Where did they think you were from before you told them you were from California?

A lot of people thought I was from Spain. A lot times they would call out at you "Where you from, where you from?" If you donít answer, then they start guessing. They would start with Spain, and then Italy but they would never guess the United States. Thatísí probably because they donít have that many Americans coming there. A lot of people thought I was Cuban. But they pretty much thought I was European and after that they would guess somewhere in Latin America.

There are no beaches in Viñales?

Right. Itís all green hills and valleys. They have tobacco and you can take tobacco plantation tours on horseback. There are lots things to do. You could easily spend two or three days there. I always felt safe thereónever threatened.

What would you recommend for people who are going to Cuba?

Make sure that you avoid getting sick. It can really put a damper on your trip.  Having connections to people in Cuba is important. I like the idea of going on my own and not being on an organized tour. I like to be on my own and kind of see where things take me. That works most of the time but this time I think it kept my trip from being as good as it could have been. The more information you have before you go about where to go and what to do, the better off you will be. The more planning you can do, the better it will be. Things like whom should I see if I want to take dance classes or music classes? What clubs should I go to? We found ourselves chasing Salsaótrying to find a place to go dance and having a hard time. That was pretty frustrating. We had heard that "Salsa is just everywhere. Theyíre dancing in the streets." But then we got there, I said, "Well, where is it?" We couldnít always find Salsa. Even after asking around, we found it difficult to find a good place for music and dancing. It was hard to find places where you could dance with Cubans and not just other tourists. So, having as many places and people to connect with before you go, will definitely help. Talk to people who have the same interests that you do since the tour books may not fully cover what youíre looking for.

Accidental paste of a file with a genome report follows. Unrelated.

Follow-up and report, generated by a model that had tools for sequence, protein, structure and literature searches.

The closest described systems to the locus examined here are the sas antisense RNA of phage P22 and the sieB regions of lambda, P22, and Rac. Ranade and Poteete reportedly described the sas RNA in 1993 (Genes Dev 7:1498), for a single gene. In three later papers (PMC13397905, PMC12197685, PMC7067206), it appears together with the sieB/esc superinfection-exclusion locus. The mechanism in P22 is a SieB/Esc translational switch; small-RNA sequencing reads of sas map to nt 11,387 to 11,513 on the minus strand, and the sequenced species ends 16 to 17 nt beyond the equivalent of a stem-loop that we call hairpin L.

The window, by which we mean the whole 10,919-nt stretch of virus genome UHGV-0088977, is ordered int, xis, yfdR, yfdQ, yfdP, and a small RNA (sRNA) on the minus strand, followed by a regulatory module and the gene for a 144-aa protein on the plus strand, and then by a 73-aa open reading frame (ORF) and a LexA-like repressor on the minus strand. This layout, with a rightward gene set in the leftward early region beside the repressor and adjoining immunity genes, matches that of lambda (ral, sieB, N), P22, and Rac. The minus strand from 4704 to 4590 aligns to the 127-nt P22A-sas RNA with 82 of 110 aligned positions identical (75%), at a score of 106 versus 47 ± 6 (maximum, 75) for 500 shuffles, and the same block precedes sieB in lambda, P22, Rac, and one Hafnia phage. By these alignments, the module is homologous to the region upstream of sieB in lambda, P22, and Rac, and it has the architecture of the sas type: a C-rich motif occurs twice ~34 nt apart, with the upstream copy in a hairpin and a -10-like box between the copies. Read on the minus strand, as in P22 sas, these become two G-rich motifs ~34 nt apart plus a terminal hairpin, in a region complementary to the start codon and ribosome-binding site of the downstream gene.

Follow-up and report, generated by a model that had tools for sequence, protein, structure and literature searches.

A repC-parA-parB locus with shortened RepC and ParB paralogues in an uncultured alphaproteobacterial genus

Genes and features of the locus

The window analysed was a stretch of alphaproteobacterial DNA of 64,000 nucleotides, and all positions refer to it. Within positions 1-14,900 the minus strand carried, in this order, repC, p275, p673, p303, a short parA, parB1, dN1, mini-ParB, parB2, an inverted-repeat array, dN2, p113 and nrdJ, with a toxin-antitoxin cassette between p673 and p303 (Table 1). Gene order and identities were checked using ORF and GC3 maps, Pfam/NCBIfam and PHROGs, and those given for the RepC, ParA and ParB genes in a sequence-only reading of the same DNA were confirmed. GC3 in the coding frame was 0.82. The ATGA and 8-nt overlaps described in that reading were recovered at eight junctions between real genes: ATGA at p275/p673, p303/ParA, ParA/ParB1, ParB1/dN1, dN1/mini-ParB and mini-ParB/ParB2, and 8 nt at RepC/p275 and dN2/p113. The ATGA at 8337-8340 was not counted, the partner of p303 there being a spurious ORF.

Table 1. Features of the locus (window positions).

Anybody who likes art museums has got to go to the Bellas des Artes, the Fine Arts Museum. I am not a big fan of galleries but they had some really beautiful work. I probably enjoyed that museum more than any other museum I have visited. Except for the Picasso Museum in Spain. There were some really fascinating works with unique political, cultural and social perspectives. I was really impressed with many of the Cuban artists.

I think that international awareness and interest in Cuba art is starting to emergeóprobably due in part to the popularity of Buena Vista Social Club. But it is still hard to find Afro-Cuban art. There were not a lot of galleries. Some of them I would stumble upon by accident. It seems that you have to know the artist and go to his studio. Unless you wanted to only buy the expensive, high-end internationally known European-influence artwork. If you want to find anything Afro-Cuban, you have to know the artist, or know his mother or know somebody who will tell you that he lives "at that fourth house down this side-street". Itís all about knowing the right people and embarking on an adventure.

Thatís how Cuba is.